Celebrate Black History Month

The history of the United States of America cannot truthfully be told without Black history. However, the official narrative in school books and media has long lifted some voices while silencing others. Black History Month was introduced as an effort to set the record straight. During Black History Month we shine a spotlight on the experiences and accomplishments of Black Americans.

Diverse hands heart and united diversity or unity partnership in a group of multicultural people connected together shaped as a support symbol expressing the feeling of teamwork and togetherness.Historian Carter G. Woodson believed sharing the accomplishments and perspective of Black Americans could help reduce prejudice and break down barriers between people. Building on this idea, the Association for the Study of Negro Life and History (ASNLH) hosted the first Black History Week in 1926. There was immediate enthusiasm and engagement in this week. Fifty years later, in 1976, President Ford announced the first month-long celebration as a time to share, listen and learn. Discover more about Black History Month.

Events & book discussions

Black Cake Read-Together | Feb 1-28, 2023

Black Cake book coverDuring February read and discuss Black Cake by Charmaine Wilkerson with the Top City Reads Together Facebook group. In February Black Cake will be available with no holds on Libby, and we will also have multiple print copies available. This book is a journey through the life of a family with Caribbean heritage. The story shows how the inheritance of betrayals, secrets, memories and even names can shape relationships and history.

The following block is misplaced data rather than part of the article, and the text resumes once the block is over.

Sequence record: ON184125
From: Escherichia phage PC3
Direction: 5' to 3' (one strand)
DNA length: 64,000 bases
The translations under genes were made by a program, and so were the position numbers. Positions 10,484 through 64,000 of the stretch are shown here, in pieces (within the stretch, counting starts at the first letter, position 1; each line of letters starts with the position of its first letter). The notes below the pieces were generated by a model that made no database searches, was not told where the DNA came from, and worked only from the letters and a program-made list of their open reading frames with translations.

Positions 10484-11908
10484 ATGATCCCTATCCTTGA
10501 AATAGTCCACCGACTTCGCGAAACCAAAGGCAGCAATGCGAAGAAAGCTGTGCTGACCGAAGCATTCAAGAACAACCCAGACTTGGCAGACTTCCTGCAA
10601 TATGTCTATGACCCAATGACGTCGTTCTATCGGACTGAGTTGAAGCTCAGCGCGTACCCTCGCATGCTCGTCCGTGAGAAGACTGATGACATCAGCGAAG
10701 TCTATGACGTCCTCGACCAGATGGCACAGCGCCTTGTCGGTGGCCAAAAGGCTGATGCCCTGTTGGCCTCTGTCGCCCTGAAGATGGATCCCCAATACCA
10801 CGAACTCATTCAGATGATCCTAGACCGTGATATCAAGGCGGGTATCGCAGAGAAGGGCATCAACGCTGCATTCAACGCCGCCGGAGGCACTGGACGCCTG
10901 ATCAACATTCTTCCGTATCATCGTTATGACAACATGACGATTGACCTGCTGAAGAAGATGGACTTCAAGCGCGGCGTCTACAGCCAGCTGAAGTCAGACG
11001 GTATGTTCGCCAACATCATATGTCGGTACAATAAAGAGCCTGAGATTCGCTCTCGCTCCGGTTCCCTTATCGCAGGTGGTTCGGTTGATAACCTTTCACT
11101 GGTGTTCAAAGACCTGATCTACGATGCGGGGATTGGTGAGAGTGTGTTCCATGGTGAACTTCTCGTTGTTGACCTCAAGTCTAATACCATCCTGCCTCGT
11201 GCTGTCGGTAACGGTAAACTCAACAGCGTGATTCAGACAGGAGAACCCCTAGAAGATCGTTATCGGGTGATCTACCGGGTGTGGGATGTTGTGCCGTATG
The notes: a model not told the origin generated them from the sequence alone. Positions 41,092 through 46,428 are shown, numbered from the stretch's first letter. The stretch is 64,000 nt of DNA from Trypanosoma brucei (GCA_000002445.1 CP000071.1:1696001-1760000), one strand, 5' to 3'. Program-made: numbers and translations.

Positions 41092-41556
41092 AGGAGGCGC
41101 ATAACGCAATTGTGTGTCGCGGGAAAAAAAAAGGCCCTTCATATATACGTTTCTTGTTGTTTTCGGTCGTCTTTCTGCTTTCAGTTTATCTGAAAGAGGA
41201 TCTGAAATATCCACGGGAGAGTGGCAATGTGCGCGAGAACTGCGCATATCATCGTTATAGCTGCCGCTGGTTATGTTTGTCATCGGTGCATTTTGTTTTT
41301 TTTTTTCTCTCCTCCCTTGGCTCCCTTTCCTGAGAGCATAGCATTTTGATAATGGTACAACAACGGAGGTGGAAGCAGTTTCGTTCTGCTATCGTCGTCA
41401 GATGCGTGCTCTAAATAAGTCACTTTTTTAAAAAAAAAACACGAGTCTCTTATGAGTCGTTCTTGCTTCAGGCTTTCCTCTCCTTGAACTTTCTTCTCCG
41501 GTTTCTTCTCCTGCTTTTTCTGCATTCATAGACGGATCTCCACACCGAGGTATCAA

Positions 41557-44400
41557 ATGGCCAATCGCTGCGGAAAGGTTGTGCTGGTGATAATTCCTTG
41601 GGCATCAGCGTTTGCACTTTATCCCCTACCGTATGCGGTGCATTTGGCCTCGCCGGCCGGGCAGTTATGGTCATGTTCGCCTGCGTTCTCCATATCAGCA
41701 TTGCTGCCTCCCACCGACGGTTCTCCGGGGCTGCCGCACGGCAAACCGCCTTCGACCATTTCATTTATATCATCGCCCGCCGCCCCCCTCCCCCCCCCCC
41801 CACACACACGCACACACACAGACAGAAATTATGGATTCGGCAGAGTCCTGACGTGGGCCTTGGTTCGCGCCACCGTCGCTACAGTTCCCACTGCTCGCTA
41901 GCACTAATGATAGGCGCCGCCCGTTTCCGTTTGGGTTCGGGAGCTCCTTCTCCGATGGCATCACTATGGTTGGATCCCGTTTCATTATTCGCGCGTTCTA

Read this great book and visit our Facebook group throughout the month to chat about the book, and share recipes and read-alikes. Email topcityreads@tscpl.org for more information or to reserve a copy of the book. If you want to chat about the book in person attend our TALK Book Discussion at the library on Feb 15 or join us via Zoom. Register for a reminder or zoom link or email talk@tscpl.org.

Preschool Storytime | Thursdays in Feb | 10-10:30am

On Thursday mornings in February Preschool Storytime will highlight Black History Month. Enjoy stories, songs and activities that encourage a love of reading and help develop kindergarten readiness skills. This program is geared for 3-5 year olds.

African American Read-In| Sat, Feb 4 | 1-3pm

The National African American Read-In encourages communities to read African American books and authors. In 1990 the Black Caucus of the National Council of Teachers of English established the Read-In to make literacy a significant part of Black History Month. More than 6 million people around the world have participated in the Read-In. We are hosting a local event with the Topeka Chapter of the Links, Inc. on Sat, Feb 4 in Marvin Auditorium 1-3pm.

African Americans in Manhattan, Kansas |Mon, Feb 6 | 6-7pm

David Baker will tell his story through the lens of historic Manhattan, Kansas, and Yuma St where he grew up. Yuma St is registered as a historic district. Register for Zoom link. The Kansas Chapter of the Afro-American Historical and Genealogical Society (KAAHGS) is hosting this online event.

TALK Book Discussion: Black Cake | Wed, Feb 15 | 7-8:30pm